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Here’s how Bitcoin charmed Washington

Here’s how Bitcoin charmed Washington

The Bitcoin Foundation's Patrick Murck testifies before the Senate Homeland Security and Government Affairs Committee (US Senate)

The Bitcoin Foundation’s Patrick Murck testifies before the Senate Homeland Security and Government Affairs Committee. (U.S. Senate)

The pair of Bitcoin hearings held this week by Senate committees could have been a disaster for the Bitcoin community. After all, Bitcoin first came to mainstream attention in 2011 when Gawker reported on Silk Road, an anonymous online marketplace that allowed users to purchase a wide variety of illegal drugs with Bitcoin. Sen. Chuck Schumer (D-N.Y.) denounced the site and suggested that Bitcoin was “an online form of money laundering.” A few months ago, it would have been easy to imagine the first congressional hearings on Bitcoin being a prelude to a federal crackdown on the decentralized financial network.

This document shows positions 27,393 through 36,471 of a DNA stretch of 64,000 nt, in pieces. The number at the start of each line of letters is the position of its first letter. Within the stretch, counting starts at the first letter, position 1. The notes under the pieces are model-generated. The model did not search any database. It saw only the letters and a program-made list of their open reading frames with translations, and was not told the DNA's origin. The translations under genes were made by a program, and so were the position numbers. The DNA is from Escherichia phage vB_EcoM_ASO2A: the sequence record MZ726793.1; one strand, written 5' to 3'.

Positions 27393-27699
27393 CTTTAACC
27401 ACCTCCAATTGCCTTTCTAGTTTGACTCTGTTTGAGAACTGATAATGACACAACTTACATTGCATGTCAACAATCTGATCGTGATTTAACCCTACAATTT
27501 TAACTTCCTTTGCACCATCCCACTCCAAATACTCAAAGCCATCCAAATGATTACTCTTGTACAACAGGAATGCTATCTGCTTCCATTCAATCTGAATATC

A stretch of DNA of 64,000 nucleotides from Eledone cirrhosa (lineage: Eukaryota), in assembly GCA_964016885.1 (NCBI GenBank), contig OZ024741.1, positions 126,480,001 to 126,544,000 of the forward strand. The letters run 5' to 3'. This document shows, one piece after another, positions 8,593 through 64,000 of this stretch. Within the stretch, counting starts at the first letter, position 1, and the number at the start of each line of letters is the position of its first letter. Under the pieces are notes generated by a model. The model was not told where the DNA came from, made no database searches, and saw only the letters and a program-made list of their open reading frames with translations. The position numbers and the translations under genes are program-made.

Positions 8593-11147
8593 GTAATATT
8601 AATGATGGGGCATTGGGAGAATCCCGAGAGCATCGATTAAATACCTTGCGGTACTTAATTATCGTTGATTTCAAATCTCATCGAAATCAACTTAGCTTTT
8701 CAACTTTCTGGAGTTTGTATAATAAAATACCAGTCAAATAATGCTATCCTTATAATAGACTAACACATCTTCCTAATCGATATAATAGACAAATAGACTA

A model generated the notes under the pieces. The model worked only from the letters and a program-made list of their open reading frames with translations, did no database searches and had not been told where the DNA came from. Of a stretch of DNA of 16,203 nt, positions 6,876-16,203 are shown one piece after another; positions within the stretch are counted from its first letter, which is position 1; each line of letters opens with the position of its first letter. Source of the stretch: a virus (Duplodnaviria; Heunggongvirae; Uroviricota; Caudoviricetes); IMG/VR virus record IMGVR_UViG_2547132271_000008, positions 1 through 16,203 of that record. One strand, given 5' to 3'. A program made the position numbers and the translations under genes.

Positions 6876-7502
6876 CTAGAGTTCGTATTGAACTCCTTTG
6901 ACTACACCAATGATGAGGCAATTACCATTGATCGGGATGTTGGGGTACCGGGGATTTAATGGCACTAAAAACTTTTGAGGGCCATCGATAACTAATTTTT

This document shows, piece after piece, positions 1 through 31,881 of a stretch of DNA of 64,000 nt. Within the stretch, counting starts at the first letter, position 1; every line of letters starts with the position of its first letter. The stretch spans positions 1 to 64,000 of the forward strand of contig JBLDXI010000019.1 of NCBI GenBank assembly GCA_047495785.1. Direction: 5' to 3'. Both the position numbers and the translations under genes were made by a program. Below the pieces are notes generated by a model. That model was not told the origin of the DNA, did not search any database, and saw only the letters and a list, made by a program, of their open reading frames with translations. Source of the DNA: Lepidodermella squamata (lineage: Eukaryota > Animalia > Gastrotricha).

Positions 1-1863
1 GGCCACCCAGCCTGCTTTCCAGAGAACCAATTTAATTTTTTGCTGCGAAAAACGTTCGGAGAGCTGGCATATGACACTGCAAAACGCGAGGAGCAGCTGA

But that’s not what happened. Instead, the hearings were lovefests. All three Obama administration officials who testified this week stressed that Bitcoin has legitimate uses and argued that no new regulations were needed to police illicit uses of the network. Most of the other witnesses echoed those sentiments.

That wasn’t a coincidence. The cordial atmosphere of this week’s hearings was the culmination of months of careful diplomacy by Bitcoin advocates. Since the spring, leaders of the Bitcoin community and sympathetic policy advocates have been engaging with federal regulators, lawmakers and other influential figures inside the beltway. The result: a near-unanimous consensus that the federal government needs to be careful to avoid hampering the growth of the world’s first completely decentralized payment network.

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This entry was posted on November 21, 2013 by and tagged .

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